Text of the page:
Patients with acute pyelonephritis were selected according to the flowchart shown in Figure 2. The medical records of all patients who were admitted to the Japanese Red Cross Ishinomaki Hospital in the Miyagi Prefecture of Japan between December 2013 and July 2015 were reviewed. Of 468,624 patients, we selected 120 patients with the 10th revision of the International Statistical Classification of Diseases and Related Health Problems (ICD-10) code N10 in their medical records.
The diagnosis of acute pyelonephritis was based on physical examination (presence of fever, chills, and CVA tenderness) and laboratory findings (increased white blood cell [WBC] count, elevated C-reactive protein [CRP], and demonstration of pyuria and bacteriuria on urine testing).
Diagnosis eligibility was assessed by internists or urologists of our hospital. We excluded eleven cases of children (aged <16 years) and two cases that did not demonstrate clear findings of acute pyelonephritis. Of the remaining cases, 89 had undergone CT evaluation of both kidneys; we evaluated these patients for the presence or absence of PFS as the pyelonephritis group.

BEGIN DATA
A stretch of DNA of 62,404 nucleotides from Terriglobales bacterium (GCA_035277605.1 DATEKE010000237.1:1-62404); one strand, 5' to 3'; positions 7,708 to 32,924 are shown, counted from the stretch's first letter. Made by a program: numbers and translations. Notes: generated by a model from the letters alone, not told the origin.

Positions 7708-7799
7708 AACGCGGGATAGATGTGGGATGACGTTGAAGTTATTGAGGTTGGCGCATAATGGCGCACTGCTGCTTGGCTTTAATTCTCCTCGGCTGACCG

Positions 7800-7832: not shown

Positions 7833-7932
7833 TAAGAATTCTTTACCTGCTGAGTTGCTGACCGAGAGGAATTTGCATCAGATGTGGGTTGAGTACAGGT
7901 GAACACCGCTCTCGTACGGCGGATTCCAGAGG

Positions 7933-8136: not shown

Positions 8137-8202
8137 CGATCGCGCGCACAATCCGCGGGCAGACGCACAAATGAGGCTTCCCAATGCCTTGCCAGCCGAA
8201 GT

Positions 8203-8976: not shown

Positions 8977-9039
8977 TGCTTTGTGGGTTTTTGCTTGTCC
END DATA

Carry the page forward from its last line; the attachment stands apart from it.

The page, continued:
We also enrolled 319 consecutive patients into the control group. These patients underwent percutaneous renal biopsy at our hospital between January 2013 and May 2016; each of them had undergone CT examination the day after the renal biopsy to check for bleeding complications.10 We had ruled out acute pyelonephritis prior to percutaneous renal biopsy in this group, given that acute pyelonephritis is a contraindication for renal biopsy. In this control group, PFS was evaluated on the kidney from which renal biopsy was not done. CT images were obtained using an Aquilion CXL system (Toshiba Medical Systems Corp., Tochigi, Japan).
Normally distributed data are presented as mean ± standard deviation (SD), with nonparametric data presented as the median and 25th–75th percentile. Statistical analyses were performed using the Student’s t-test for parametric data, the Mann–Whitney U test for nonparametric data, Fisher’s exact test for nominal categorical valuables, and logistic regression analysis for the following covariates: age, sex, and estimated glomerular filtration rate (eGFR).